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Julio Rodríguez, Scott Servais named finalists for MLB end-of-season awards

Mariners rookie phenom and steadfast Midwestern dad are honored as finalists for Rookie of the Year and Manager of the Year, respectively

Houston Astros v Seattle Mariners Photo by Steph Chambers/Getty Images

An off-season already stuffed full of accolades culminated in the biggest honor yet for Mariners rookie Julio Rodríguez, who was today named as one of three finalists for the Jackie Robinson AL Rookie of the Year award.

To be nominated as a finalist is a fait accompli for Seattle’s talented youngster, who outpaced the field sometime in the middle of the summer, putting an exclamation point on his candidacy when he was the only rookie to participate in the Home Run Derby and put on a show, falling just short of winning the crown. The bigger question was who would flank him in the finalist field of three, with Jeremy Peña, Adley Rutschman, Steven Kwan, and Bobby Witt Jr. all making their cases at various points during the season. Ultimately, Rutschman and Kwan, both Oregon State alums, got the nods, making this an all-PNW-affiliated field. Kwan showed a consistency all season that Peña and Witt Jr. did not, and while Rutschman was a later addition to the field, his trajectory upward was immediate, without the growing pains one might expect while playing the most difficult defensive position on the field. However, no player in this group combines the consistency and electricity of the J-Rod Show, which is probably why several sports betting sites stopped even giving odds on the race sometime in late August.

Scott Servais’s inclusion was less of a sure thing, with Terry Francona, Dusty Baker, and Brandon Hyde all making strong cases, but ultimately the field was set at Francona, Servais, and Hyde. Both Francona and Hyde have garnered praise for doing a lot with a little, which voters for this award seem to like (Kevin Cash of the perpetually-impecunious Rays won the award last year); Francona recovered from Cleveland’s light sell-off to steer his team to the post-season, while Hyde helped turn around a back-to-back 100-loss team in Baltimore.

Hyde seems to be the early favorite for the award, but my feeling is if Scott Servais didn’t get the award last year, there’s an unfair double standard in giving it to Hyde this year. Some could argue Servais was gifted a better team with Julio and an ownership that actually, you know, spends money, but first of all, Hyde had Adley, and secondly, as bears repeating, Scott Servais oversaw a team that broke the longest playoff drought in North American sports, which marks the first time I actually want to hear about the drought. And that’s to say nothing of Servais’s other accomplishments as Seattle’s manager, who is only the second manager in Mariners history to lead a team to back-to-back 90-win seasons (the other. You probably know that the 2022 Mariners led all of baseball in one-run wins—you know, the ones that have a high degree of difficulty in managing effectively—but did you also know that in Servais’s seven seasons with the Mariners, Seattle leads all of baseball in both one-run wins and one-run winning percentage (.573)? If you don’t give it to him this year, then when?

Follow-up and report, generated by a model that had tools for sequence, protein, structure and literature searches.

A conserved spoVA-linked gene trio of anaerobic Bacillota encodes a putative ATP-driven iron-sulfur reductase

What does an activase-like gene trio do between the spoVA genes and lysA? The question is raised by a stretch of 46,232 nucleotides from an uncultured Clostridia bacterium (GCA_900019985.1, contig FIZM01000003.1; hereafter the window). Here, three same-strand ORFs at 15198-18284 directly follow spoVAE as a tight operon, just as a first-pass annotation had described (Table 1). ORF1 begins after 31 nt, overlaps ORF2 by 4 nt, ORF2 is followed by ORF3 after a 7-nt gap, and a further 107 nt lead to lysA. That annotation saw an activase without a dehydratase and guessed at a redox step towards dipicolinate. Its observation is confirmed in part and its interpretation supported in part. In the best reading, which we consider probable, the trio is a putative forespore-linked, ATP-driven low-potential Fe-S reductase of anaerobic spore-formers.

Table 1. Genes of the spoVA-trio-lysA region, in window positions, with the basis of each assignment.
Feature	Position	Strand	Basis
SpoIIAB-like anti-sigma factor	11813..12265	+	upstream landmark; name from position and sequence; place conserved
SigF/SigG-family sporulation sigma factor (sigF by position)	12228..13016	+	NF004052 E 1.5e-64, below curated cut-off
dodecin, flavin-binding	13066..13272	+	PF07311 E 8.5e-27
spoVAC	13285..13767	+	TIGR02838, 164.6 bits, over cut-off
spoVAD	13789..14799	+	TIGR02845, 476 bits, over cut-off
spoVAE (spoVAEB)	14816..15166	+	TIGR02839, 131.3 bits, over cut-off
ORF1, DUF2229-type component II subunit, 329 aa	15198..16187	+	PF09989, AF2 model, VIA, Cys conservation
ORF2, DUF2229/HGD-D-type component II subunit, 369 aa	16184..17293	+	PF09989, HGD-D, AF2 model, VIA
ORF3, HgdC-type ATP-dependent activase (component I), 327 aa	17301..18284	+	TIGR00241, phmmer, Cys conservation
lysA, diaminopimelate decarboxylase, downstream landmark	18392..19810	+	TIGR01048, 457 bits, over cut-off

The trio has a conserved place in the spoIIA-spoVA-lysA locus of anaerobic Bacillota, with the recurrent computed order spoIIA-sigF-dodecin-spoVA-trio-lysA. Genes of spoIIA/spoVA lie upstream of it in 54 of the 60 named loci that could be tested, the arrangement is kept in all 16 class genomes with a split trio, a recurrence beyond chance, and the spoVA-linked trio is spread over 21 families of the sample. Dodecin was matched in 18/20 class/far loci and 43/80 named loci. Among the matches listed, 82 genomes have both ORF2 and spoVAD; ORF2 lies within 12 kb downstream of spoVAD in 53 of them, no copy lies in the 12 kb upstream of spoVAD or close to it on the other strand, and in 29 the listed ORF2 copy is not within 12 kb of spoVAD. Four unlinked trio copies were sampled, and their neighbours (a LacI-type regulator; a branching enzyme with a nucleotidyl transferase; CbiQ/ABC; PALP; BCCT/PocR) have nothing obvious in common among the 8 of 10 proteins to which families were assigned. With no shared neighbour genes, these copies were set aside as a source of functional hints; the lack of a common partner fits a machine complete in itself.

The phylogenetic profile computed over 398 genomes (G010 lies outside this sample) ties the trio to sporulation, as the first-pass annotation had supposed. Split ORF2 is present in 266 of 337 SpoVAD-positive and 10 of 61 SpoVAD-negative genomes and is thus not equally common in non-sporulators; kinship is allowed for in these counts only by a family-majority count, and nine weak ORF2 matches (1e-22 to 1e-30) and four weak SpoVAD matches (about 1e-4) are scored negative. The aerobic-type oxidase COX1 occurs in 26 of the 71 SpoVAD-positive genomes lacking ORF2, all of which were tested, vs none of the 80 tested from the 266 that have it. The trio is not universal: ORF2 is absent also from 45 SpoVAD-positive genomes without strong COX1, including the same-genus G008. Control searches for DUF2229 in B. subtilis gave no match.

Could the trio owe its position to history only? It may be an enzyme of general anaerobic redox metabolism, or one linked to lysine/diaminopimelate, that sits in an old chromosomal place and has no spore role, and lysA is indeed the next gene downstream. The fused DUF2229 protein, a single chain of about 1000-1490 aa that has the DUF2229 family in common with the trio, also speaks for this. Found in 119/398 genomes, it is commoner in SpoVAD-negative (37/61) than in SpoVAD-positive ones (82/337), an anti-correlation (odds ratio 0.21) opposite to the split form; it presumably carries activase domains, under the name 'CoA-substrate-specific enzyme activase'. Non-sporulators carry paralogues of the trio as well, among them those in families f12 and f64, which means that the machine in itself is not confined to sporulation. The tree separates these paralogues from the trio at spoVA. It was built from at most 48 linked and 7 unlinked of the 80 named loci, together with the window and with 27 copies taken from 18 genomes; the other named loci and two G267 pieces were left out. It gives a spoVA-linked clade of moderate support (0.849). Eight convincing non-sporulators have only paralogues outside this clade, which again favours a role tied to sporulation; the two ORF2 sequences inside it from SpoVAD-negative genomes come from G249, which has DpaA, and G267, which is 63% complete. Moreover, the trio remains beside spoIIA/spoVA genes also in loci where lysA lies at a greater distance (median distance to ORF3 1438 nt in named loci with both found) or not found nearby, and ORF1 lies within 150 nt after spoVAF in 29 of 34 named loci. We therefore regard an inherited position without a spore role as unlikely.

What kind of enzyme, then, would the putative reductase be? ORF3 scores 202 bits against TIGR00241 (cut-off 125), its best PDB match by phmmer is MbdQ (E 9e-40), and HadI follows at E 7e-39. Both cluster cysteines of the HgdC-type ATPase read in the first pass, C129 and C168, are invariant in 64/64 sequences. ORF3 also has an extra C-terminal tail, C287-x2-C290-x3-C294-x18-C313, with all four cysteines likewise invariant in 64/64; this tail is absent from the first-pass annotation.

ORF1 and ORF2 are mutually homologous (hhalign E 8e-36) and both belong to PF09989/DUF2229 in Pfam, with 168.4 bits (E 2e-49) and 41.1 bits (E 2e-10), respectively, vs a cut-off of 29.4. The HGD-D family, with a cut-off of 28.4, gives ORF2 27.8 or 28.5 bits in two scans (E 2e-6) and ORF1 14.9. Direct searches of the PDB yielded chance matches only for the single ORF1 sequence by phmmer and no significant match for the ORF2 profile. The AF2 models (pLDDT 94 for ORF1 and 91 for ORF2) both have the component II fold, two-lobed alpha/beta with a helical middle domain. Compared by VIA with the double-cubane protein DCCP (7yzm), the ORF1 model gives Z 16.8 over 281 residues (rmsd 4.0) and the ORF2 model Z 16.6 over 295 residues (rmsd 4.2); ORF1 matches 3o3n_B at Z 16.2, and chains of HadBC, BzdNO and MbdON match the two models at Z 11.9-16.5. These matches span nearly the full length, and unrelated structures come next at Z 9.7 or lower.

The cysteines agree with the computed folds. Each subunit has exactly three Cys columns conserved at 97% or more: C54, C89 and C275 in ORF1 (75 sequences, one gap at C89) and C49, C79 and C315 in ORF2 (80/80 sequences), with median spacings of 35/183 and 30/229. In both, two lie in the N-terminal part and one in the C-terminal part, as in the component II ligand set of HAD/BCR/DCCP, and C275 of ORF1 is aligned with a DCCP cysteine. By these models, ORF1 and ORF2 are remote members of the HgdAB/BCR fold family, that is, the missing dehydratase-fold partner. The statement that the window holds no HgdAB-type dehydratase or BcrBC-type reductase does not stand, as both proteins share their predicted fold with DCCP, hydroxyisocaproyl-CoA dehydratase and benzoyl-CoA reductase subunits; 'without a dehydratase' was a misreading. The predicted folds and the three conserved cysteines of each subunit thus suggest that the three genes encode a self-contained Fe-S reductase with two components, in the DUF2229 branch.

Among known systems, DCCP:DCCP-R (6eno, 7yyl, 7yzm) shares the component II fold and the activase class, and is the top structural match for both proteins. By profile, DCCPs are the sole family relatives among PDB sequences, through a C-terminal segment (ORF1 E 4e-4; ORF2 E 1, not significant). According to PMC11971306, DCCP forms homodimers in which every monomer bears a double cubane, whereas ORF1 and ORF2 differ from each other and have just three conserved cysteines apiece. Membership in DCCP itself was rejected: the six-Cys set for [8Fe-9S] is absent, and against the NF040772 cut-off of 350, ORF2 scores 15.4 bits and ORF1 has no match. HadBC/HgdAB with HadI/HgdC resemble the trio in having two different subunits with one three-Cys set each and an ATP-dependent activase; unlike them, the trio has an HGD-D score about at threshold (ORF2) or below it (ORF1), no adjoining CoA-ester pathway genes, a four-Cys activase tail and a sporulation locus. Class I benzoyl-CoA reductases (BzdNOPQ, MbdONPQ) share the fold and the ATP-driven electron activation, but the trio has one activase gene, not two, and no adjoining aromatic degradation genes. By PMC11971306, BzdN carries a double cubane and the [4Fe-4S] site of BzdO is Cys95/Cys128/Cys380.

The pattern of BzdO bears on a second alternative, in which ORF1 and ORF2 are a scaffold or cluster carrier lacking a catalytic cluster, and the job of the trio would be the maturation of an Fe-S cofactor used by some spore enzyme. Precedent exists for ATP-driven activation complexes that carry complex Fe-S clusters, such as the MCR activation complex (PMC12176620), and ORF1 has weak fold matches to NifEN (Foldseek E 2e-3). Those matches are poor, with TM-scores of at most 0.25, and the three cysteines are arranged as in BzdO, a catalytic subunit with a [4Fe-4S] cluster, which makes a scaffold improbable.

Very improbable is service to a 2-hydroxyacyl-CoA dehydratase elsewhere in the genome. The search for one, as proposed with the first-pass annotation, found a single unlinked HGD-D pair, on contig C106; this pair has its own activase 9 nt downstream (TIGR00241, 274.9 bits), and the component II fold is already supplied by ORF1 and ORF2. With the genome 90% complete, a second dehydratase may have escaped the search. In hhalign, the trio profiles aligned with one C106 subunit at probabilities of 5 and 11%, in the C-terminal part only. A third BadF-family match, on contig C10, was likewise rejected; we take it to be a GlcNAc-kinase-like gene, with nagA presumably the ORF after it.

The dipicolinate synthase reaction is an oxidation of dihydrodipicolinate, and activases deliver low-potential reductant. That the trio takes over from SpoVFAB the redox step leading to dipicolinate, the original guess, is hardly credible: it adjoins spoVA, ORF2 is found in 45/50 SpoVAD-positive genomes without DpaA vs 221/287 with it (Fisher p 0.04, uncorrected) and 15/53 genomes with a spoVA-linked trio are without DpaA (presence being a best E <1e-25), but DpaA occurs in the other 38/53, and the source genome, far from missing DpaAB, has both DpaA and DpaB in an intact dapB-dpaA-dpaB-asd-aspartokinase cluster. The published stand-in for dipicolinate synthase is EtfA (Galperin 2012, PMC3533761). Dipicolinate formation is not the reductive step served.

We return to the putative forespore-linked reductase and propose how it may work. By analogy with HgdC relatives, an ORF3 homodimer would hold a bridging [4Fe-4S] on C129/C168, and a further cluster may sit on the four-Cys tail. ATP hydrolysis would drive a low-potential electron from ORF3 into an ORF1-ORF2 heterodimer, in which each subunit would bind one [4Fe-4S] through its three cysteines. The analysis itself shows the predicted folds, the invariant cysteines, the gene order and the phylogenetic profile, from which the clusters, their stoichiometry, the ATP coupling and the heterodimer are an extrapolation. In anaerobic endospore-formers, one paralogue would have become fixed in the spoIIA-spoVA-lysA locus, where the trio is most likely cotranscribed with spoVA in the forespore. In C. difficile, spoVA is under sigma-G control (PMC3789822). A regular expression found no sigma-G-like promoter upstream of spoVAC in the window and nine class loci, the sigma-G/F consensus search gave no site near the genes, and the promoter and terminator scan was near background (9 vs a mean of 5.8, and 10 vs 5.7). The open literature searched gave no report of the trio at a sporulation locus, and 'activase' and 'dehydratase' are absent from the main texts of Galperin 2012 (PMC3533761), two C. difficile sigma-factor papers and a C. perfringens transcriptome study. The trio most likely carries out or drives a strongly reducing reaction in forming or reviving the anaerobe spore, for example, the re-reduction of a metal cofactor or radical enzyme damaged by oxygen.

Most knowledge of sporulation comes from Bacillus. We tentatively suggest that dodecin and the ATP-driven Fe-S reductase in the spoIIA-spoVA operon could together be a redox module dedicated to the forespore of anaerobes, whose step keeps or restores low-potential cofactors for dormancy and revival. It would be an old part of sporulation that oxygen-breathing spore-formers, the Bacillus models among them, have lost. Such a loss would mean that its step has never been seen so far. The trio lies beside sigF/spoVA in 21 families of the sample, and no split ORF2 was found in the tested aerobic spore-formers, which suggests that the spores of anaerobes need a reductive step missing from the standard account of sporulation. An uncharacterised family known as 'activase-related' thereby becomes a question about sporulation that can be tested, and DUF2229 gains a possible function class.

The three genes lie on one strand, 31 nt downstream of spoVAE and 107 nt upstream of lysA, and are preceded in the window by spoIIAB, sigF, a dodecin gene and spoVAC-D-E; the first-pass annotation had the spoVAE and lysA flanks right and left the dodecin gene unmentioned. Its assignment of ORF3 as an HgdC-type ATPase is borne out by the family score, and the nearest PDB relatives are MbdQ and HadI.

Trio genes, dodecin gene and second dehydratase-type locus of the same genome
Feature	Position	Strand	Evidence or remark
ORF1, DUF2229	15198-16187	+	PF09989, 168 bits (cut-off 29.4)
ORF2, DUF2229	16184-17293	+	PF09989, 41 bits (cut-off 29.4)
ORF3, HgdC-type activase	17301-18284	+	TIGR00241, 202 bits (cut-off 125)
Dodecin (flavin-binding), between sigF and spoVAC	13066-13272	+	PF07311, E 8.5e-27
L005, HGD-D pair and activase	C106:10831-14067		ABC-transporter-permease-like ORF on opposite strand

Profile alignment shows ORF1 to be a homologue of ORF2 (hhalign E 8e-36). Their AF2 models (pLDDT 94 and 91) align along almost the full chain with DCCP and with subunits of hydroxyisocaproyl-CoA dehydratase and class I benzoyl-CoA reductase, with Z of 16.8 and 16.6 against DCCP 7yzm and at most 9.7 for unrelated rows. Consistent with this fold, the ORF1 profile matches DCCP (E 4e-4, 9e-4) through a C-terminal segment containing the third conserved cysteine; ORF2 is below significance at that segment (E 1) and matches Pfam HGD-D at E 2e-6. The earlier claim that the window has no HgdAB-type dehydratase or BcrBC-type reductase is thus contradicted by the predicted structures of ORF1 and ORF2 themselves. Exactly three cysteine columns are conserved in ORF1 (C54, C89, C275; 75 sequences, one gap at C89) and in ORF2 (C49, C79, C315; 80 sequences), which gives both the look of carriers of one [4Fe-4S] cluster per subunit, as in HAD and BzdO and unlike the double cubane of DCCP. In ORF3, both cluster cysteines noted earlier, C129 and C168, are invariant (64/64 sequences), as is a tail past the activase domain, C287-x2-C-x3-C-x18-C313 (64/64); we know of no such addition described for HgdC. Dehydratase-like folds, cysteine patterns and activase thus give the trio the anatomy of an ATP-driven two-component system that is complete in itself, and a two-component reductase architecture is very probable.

Regardless of whether or not Servais earns this (deserved) recognition, here’s hoping that the tiresome #FireServais takes will end when the team is going through a rough patch. One of the most enjoyable things about getting credentialed this year was getting to spend more time around the team and see how Servais interacts with his players: how he spoke about them as well as to them, how he values them as people, how he made a point to interact with them individually in a meaningful way every day. Servais takes a lot of flak for not being overly emotionally expressive—which is what made that voice crack when he said PARTEEEEAAAAAYAYY at the clinch celebration both hilarious and heartfelt—but his even-keel nature helps his players modulate their feelings as well. We’ve joked about Scott being a Midwestern Dad for years, but honestly, when it’s late at night and our car is broken down on the side of the highway, there’s no one else we’d rather call.

Wild Card Series - Seattle Mariners v Toronto Blue Jays - Game Two Photo by Vaughn Ridley/Getty Images

The awards are voted on by BBWAA writers with two representing every city; AL awards are voted on by AL cities (and NL by NL), making thirty voters for each award. The Rookie of the Year award will be announced on November 14 at 3 PM PT on MLBN; Manager of the Year will be awarded at the same time on November 15.